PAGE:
Bitty Ruminations #23

Posted on July 9, 2010


JUL 9 – Have been a little lax about apportioning time to these tidbit posts, and KB’s 80th birthday seemed a good opportunity to unleash another bitty rumination. Well, not a rumination so much as a link to one of the most satisfying and entertaining interviews of my (admittedly not very lengthy) career.

Here it is.

There is no use showing up at a director’s doorstep with a sheaf of questions if the interviewee will not talk (for whatever reason). KB was not only communicative, but delightfully so, discursively so. We spoke for a long time. He was a trifle surprised that I knew so much about his films, and that modesty I found enormously touching. I mean, this is just one of the giant architects of Tamil cinema. Who wouldn’t know about his films?

Mandatory video follows, of a great song in both the musical and lyrical sense. Ilakkanam maarudho, ilakkiyam aanadho, referring to the heroine’s mellowing from the stringency of grammar to the softness of poetry.

This leads to me an aside. However accurate subtitles are in the meaning-of-the-word sense, how can they convey the context? I was listening to the Mani Ratnam interview on AIR FM Rainbow this morning (yes, with my kind of job, you get to do things like that and call it work), and, betwixt questions, they played Vidai kodu engal naade. You can translate the next line, kadal vaasal thelikkum veede, as the house/country on the shore touched by lapping waves, but how can you translate the Tamil-ness of the phrase, the sense of vaasal thelichu-fying and kolam pottu-fying that Vairamuthu so beautifully brings out, that traditional feeling of home that makes the separation all the more poignant?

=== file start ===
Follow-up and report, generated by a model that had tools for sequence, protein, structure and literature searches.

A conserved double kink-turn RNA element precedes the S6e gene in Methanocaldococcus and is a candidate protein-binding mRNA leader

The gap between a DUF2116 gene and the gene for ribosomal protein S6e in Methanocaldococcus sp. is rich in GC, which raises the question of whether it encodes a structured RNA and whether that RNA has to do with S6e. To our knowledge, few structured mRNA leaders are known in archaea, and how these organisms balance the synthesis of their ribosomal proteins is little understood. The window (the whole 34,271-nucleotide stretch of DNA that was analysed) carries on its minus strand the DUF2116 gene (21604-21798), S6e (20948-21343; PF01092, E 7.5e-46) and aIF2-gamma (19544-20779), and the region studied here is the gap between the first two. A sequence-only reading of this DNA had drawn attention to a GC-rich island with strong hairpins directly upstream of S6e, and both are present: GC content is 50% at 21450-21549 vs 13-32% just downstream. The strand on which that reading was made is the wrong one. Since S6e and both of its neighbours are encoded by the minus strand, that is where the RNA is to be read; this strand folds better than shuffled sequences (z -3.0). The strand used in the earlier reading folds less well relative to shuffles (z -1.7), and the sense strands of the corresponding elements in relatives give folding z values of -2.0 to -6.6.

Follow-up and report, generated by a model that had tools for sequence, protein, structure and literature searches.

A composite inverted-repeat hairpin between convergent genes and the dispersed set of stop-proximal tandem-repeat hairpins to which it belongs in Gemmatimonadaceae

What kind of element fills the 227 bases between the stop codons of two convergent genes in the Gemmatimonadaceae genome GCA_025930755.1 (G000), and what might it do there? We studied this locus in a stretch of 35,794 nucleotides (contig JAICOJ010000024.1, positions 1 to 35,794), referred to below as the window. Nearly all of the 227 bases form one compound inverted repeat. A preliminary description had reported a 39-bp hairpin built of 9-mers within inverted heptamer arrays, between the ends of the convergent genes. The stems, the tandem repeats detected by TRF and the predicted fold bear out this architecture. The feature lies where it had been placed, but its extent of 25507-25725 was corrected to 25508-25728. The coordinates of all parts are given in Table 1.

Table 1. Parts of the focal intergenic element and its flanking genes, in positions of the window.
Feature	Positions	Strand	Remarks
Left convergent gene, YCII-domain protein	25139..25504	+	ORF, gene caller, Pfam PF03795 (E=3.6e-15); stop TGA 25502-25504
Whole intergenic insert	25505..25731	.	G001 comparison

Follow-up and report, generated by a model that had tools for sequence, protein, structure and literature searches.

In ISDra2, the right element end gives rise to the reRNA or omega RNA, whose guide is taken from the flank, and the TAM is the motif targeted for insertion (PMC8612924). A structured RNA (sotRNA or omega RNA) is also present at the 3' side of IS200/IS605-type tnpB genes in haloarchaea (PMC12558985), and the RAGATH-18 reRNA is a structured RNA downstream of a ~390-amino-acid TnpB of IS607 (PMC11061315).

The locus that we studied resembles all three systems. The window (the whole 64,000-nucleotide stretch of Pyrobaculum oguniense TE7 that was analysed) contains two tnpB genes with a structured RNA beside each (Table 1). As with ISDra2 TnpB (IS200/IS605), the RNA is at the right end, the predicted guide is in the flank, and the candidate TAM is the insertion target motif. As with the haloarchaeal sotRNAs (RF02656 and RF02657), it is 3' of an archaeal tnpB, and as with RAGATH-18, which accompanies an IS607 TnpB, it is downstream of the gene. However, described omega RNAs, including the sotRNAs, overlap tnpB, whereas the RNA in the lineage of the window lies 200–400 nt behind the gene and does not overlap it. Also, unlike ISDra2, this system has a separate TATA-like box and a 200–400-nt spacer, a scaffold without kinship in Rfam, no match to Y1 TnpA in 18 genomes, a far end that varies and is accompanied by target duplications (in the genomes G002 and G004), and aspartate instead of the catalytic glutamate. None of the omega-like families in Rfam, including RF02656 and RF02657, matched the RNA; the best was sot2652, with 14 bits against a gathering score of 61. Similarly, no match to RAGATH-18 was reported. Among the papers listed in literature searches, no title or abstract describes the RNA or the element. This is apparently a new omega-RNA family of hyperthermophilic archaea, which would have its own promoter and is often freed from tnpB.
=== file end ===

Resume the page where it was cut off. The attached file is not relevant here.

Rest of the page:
In a reverse moment, I felt that the bak-bak use in Raavanan would have actually benefited from subtitles, and from not knowing the language. In the Hindi version, the bak-bak phrase is germinated by Priyamani after she is raped (she says she won’t have to listen to her brother’s bak-bak any more, as he cannot speak now, a bullet having grazed his throat). And besides, bak-bak is a genuine Hindi colloquialism — it actually means something. But in Tamil, it’s just noise (a pigeon-y noise, as in Oh bak bak bakkum bakkum maadapura, that song from Annai ), and the Hindi phrase comes off distinctly odd in the context of the epic-poetry-spouting heroine, especially at the end.

Anyway, this post is about KB, and to him it shall rightfully return. Thank you sir — for the movies, for the memories.

PS: My favourite phase of his has to be the seventies. Moondru Mudichu, Avargal, Thappu Thaalangal, Varumayin Niram Sivappu, and especially Nizhal Nijamagiradhu

PPS: I look forward to attending the celebrations this evening at Chettinad Vidyashram. Hopefully, there won’t be much rhetorical grandstanding from guest speakers, but even if there is, I don’t think I’ll mind. The man deserves it.